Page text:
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When it's All in the Family

Gracie stares at Grandpa Al.

We had a family gathering last Sunday to observe the advent of spring, the second anniversary of our daughter's death, and the 65 th anniversary of my first date with Cinelli. We greeted them all with noise and laughter.

It didn't feel like spring. It was raining on our town in the Santa Monica Mountains and the sky was as gray as steel . But the peach trees in our yard had blossomed into shades of white and strawberry pink and without question that says spring. Blossoms don't lie.

My wife's and my first date was actually April 1, 1949, and she likes to say, "Boy, was I fooled!" about exactly who she married three months later. I'm not sure what she expected, but she got me. I guess I'm a little goofy sometimes, but I work hard and don't hold up liquor stores so I'm not too bad.

There were 16 of us seated around the table at our family gathering. We ranged in ages from two-year-old Gracie to her 83-year-old grandpa. That would be me. Gracie laughs loudly along with the rest of us and it's a beautiful laugh, but most of the time she's a serious kid.

She has a way of staring like she's peeking through the windows of your eyes to read your soul. She holds the stare until she's satisfied and only then turns away. I wonder what she sees. I wonder what she thinks.

I know you're probably perplexed by our laughter at the memories of our daughter Cindy, who died of cancer in 2010. That's easy. One cannot grieve to eternity. After a while, to subdue the bitter tears of grief, it becomes necessary to reassemble in humor the daughter we lost.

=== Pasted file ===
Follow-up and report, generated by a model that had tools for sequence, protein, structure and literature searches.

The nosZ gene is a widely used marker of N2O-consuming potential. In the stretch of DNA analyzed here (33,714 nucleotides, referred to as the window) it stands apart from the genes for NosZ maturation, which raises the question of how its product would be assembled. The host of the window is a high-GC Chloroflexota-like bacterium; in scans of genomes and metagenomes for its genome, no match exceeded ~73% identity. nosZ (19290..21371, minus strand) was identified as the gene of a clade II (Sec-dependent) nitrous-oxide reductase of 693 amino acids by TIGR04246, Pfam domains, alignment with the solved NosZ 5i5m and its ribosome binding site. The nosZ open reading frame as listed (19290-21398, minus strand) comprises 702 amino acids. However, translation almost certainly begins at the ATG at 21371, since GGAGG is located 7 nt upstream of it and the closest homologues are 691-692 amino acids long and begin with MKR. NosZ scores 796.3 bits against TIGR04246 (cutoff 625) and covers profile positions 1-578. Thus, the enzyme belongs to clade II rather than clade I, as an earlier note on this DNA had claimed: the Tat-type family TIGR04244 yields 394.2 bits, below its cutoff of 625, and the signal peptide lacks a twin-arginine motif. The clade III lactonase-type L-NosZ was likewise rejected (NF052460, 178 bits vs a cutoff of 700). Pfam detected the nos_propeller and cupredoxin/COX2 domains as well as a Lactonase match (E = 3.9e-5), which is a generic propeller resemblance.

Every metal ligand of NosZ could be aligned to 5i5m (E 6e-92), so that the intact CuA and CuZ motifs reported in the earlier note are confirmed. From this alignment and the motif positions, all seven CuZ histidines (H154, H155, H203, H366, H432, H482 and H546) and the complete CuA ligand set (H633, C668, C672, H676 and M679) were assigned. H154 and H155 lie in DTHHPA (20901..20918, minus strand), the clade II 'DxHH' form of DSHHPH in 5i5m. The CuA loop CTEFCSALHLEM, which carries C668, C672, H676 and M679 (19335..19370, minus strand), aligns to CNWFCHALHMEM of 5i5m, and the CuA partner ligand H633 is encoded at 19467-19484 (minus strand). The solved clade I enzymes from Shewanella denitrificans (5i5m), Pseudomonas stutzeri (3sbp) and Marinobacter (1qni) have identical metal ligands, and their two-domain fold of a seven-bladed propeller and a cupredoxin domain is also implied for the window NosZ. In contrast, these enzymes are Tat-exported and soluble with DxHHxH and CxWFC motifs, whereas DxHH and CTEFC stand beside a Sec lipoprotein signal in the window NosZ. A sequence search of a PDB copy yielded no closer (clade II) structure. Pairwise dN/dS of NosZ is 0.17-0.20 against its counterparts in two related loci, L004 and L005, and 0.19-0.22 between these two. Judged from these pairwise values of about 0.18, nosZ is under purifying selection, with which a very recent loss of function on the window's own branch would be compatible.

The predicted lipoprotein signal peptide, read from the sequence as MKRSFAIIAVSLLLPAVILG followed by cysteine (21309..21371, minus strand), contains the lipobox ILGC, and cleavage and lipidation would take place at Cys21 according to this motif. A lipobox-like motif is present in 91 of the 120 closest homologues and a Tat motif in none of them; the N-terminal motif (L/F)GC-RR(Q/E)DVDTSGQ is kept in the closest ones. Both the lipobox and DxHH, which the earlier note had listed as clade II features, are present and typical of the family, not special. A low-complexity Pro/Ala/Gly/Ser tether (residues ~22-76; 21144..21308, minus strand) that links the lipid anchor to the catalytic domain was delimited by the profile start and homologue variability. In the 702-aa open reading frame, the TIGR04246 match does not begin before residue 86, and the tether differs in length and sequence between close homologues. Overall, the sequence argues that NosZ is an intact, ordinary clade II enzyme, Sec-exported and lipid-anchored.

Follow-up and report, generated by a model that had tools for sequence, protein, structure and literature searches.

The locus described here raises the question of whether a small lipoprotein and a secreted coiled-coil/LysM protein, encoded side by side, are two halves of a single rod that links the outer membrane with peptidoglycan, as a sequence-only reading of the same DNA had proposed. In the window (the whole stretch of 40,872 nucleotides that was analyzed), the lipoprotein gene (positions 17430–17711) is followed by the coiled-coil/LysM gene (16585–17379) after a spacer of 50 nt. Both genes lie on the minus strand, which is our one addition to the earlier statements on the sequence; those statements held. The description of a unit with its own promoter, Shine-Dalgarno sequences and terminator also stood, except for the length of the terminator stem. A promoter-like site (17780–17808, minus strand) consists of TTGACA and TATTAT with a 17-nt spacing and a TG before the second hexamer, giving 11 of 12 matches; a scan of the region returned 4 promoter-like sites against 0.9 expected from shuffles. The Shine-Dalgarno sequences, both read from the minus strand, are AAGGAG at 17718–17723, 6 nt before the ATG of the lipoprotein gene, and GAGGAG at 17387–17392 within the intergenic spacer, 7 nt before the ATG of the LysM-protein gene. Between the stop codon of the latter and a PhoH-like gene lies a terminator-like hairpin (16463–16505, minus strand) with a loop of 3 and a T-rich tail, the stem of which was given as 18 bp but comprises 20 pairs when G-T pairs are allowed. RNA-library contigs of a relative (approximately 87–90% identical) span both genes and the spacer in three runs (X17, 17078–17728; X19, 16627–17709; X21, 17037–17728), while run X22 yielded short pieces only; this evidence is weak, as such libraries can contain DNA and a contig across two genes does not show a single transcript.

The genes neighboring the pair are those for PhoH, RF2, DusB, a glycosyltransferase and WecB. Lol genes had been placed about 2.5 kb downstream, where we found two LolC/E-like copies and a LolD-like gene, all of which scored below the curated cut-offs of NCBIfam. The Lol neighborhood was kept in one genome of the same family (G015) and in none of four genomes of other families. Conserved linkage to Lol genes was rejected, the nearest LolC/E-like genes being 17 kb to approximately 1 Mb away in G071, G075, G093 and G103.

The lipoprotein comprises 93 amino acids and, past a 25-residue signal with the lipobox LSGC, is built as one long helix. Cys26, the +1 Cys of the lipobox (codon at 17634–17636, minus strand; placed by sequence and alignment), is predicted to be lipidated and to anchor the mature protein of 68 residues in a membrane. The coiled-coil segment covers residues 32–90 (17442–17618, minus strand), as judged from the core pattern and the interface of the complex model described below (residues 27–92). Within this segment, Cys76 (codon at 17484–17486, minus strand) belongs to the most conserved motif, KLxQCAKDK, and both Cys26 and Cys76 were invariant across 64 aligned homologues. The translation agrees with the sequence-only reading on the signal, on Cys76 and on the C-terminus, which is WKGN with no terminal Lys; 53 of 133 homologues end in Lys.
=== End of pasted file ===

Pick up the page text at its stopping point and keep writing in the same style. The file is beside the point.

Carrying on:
Our laughter at Cindy's antics were warm and loving. We recalled, for instance, her trying to walk in her first high-heeled shoes when I took her to see the Beatles in San Francisco on her 16 th birthday. She wobbled and bobbled to such an extent that she almost went down face-first, until she finally took off the heels in disgust and enjoyed the concert barefoot.

We laughed at her love of tomatoes-which she could never get enough of-and the empty bag of corn chips I handed her one day and told her never to give up because it was a gift from her father. She vowed in mock solemnity to keep the wrapper forever and, every once in a while, showed it to me to prove she still had it. When she died, I searched for it in her apartment, but it was nowhere to be found. Maybe she still has it with her.

I've been told that though others might falter, family rarely lets you down. That has been my experience through a lot of career disasters. You never lose when a family is your team.


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